On Monday, a report released from the Sports Business Journal stated that the UFC will go another route when it comes to distributing sponsorship dollars from Reebok to the fighters.
Per their report, the UFC has decided to determine sponsorship payouts by tenure as opposed to where athletes stand in the rankings.
A tier system, much like the one established for payouts based on rankings, will be used to determine who earns what. Those tiers will be as follows: 1-5 fights, 6-10 fights, 11-15 fights, 16-20 fights and 21 fights or more.
As per Marc Raimondi of MMA Fighting, the tier structure will include fighter’s past bouts with either Strikeforce or WEC, as long as they happened under the Zuffa banner. Zuffa, LLC, the UFC’s parent company, bought the WEC in Dec 2006 and Strikeforce in Mar. 2011.
While someone like Luke Rockhold may only have 5 UFC fights, his Strikeforce experience (post-Zuffa buyout) puts his total at eight. So, he’d fall into the second tier. Donald Cerrone has fought 18 times inside the Octagon, but combine his WEC experience and he winds up having the most fights of anyone on the roster at 27. Urijah Faber also cracks the over 21 fight barrier with a combined 22 fights in the WEC/UFC.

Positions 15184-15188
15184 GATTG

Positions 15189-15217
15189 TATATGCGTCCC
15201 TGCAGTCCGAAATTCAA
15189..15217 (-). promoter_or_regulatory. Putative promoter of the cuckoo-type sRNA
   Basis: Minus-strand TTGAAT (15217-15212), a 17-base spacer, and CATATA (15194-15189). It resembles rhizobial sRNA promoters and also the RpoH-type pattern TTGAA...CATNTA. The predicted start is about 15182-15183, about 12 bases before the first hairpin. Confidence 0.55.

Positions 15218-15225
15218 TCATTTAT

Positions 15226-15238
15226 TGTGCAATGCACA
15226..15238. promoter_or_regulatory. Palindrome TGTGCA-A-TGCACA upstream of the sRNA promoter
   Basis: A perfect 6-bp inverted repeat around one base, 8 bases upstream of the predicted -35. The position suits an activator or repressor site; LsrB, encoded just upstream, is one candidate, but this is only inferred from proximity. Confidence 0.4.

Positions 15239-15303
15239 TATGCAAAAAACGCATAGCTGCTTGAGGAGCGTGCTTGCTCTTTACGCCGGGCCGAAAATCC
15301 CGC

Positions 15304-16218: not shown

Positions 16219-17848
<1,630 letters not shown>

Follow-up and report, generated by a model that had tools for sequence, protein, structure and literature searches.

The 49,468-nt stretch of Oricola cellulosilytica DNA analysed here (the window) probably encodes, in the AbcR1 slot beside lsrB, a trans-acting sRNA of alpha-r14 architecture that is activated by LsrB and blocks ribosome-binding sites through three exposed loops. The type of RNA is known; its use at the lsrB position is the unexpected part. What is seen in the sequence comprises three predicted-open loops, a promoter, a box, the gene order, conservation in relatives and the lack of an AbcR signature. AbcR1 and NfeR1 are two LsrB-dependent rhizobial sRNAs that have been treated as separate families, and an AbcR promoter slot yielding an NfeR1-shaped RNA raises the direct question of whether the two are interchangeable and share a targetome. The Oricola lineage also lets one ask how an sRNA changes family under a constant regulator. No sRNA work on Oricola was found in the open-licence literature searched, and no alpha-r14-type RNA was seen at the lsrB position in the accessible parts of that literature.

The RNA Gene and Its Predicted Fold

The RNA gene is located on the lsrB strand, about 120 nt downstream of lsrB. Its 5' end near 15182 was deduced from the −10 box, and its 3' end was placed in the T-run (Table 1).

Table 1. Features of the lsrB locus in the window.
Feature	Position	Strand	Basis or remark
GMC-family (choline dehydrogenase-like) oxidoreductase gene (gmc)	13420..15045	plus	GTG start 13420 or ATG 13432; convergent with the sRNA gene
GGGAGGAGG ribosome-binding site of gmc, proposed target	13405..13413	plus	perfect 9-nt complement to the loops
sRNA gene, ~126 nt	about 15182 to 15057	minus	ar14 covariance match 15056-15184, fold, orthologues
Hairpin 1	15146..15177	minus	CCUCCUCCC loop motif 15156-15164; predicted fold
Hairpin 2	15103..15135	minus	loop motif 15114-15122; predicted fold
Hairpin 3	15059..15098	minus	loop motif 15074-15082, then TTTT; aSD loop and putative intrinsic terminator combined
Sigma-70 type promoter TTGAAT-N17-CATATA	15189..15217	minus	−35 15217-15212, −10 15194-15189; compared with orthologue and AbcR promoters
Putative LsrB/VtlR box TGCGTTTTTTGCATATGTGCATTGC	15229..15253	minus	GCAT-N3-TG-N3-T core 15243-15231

Among active UFC fighters, only six have competed 21 times or more in the Octagon. Gleison Tibau and Josh Koscheck top the list with 25 UFC bouts. Frank Mir has 24 and Michael Bisping has 22. Diego Sanchez and Clay Guida have had a total of 21 scraps. After that, names like Lyoto Machida, Demian Maia, Nate Diaz, Jeremy Stephens and Gabriel Gonzaga are right on the cusp of jumping into the plus 21 tier.
Where title fights are concerned, the UFC has decided to dole out greater compensation to those involved.
Overall, the 6-year Reebok deal is worth $75 million. It is unknown exactly how much of a percentage of that each fighter will earn.